- PFR speaker says he sees 'signs of hope' in PC(USA) (PCUSA News Release)
- Evangelizing Iraq | The Christian-missionary question (David Klinghoffer, National Review Online)
- Onward, Christian missionaries | Evangelization in Iraq (William F. Buckley, National Review Online)
- Speak no evil | The passing of an era in the Episcopal church? (Joyce Milton, National Review Online)
- Islamic justice taking hold in Baghdad | Clerics fill void with de facto courts, while moving against western influences (The Washington Post)
- Revisiting the pope's stance on Iraq | Beyond the inconsistencies revealed by an internal Catholic clash between liberal and neoconservative intellectuals, is there anything more to say about the pope's moral leadership in matters of war and peace, and its apparently limited effect? (Peter Steinfels, The New York Times)
- Three anti-war nuns prepare to enter prison | Released from jail for the first time in six months, the peace activist nuns are on a whirlwind tour of potluck suppers, doctors' appointments and visits to family and friends (Associated Press)
Life ethics and human rights:
- Murder case sparks abortion row | Prolife campaigners in America are using a murder case to try to force the federal government to recognize the fetus as an individual in cases of violent crime (BBC)
- Euthanasia test case woman can die | A court in Australia has given doctors permission to stop feeding a terminally-ill woman. (BBC)
- Also: Verdict in 'right-to-die' test case awaited in Australia (CNS News)
- 'Thousands of slaves in Sudan' | More than 11,000 people have been abducted in 20 years of slave-raiding in Sudan, a new report says. (BBC)
- Amnesty condemns rights abuses | The human rights group Amnesty International has said there is serious cause for concern about human rights abuses in Afghanistan. (BBC)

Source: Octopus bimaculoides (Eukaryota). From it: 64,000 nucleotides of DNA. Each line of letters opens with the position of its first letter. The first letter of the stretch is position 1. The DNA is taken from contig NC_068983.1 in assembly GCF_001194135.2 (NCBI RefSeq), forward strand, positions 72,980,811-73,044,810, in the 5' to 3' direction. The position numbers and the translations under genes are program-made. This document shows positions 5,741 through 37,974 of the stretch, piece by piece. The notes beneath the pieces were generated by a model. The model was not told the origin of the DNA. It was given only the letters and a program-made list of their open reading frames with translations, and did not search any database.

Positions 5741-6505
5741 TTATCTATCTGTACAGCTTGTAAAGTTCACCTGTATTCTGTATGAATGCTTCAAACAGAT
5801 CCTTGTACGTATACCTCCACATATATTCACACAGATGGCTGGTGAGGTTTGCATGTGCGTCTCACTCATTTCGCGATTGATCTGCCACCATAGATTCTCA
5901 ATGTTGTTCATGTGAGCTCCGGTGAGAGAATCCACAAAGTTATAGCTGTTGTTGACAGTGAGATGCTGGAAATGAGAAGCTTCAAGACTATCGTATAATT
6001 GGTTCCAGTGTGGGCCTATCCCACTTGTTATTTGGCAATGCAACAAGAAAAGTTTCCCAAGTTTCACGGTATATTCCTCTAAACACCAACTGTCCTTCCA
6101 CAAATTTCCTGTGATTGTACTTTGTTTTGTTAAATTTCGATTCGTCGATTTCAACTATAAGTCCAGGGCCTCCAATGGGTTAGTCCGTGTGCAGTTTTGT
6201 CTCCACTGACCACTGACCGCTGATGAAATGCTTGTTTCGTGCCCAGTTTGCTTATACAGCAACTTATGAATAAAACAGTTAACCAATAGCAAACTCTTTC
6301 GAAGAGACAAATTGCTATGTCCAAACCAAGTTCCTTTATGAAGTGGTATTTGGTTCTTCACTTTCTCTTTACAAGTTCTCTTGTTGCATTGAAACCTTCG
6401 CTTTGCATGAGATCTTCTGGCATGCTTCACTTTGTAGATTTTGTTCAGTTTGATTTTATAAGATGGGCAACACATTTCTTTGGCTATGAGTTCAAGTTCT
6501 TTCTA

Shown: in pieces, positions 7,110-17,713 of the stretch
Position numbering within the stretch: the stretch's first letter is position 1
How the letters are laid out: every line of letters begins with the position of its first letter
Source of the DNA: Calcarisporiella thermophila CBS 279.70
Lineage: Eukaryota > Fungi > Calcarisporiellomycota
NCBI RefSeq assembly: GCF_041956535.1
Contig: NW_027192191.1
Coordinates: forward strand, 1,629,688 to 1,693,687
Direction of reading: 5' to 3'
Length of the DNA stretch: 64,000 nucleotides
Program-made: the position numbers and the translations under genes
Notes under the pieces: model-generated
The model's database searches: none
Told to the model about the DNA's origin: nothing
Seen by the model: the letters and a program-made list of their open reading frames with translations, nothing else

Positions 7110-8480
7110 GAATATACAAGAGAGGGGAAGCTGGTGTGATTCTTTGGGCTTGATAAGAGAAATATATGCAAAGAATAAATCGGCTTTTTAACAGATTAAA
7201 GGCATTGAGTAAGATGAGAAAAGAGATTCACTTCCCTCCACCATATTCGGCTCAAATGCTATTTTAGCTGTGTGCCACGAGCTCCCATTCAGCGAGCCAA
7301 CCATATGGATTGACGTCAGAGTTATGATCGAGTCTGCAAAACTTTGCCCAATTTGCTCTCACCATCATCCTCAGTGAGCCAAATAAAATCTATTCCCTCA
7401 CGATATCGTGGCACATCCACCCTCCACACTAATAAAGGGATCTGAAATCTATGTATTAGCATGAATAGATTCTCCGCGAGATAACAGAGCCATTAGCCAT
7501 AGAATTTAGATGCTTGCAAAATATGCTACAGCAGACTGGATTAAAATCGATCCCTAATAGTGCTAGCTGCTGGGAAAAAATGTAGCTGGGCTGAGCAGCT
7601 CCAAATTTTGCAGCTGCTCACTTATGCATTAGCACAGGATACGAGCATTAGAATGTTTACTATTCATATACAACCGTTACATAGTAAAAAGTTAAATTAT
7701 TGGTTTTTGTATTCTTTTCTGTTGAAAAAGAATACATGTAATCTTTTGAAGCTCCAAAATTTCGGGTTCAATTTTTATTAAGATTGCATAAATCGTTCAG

- The first church of liberalism | The Rev. Bob Edgar keeps the National Council of Churches consistently on the left wing (Rachel DiCarlo, The Weekly Standard)
- Supreme Court upholds award in case affecting stadium ruling | High punitive damages allowed in church suit against insurer (The Milwaukee Journal-Sentinel)
- Historic churches get helping hand | The Interior Department announced this week that historic churches now can receive federal preservation grants under the "Save America's Treasures" program. (The Intelligencer)
- Also: Historic churches now eligible for federal preservation funds (Baptist Press)
- Matters of the sole | Oh, what a flap over flip-flops (Kristen Campbell, Mobile Register, Ala.)
- Priest faulted in fund raising | Misdeeds in LA mirror those cited in dismissal of predecessor in Frisco (The Dallas Morning News)
- 3 churches to close in northern Indiana (Associated Press)
- Germany's Catholics, Protestants come together for historic event (Deutsche Welle)
- Also: German Churches come together (Expatica)
- Degrees of religion | Seminary at Boca Raton classes are open to people of any age or faith (South Florida Sun-Sentinel)
- University of Mobile plans overhaul of music program | Member of Gospel Music Hall of Fame, will lead UM Center for the Performing Arts (Mobile Register)
- A bad way to kill vouchers | Voucher opponents plan to dig up an ugly part of Colorado's past to keep poor kids in failing schools (Editorial, The Denver Post)
- Seminary president to leave post | Dr. Thomas W. Gillespie, the president of the Princeton Theological Seminary since 1983, will retire June 30, 2004 (Princeton Packet, N.J.)
- Keeping faith | At Magdalen College, students reject mainstream America—and the mainstream Catholic church (The Boston Globe)
- Hollywood gets religion—again | Spiritual undertones of 'Matrix Reloaded' prompt debate, dissension among faithful (The Washington Post/Orlando Sentinel)
- Bruce Almighty is taking a risk by making light of god's powers | The idea of portraying God as Everyman is nothing new. But by endowing a human being with God's power and couching it as a comedy, Hollywood might be gambling with some delicate theological issues (Religion News Service)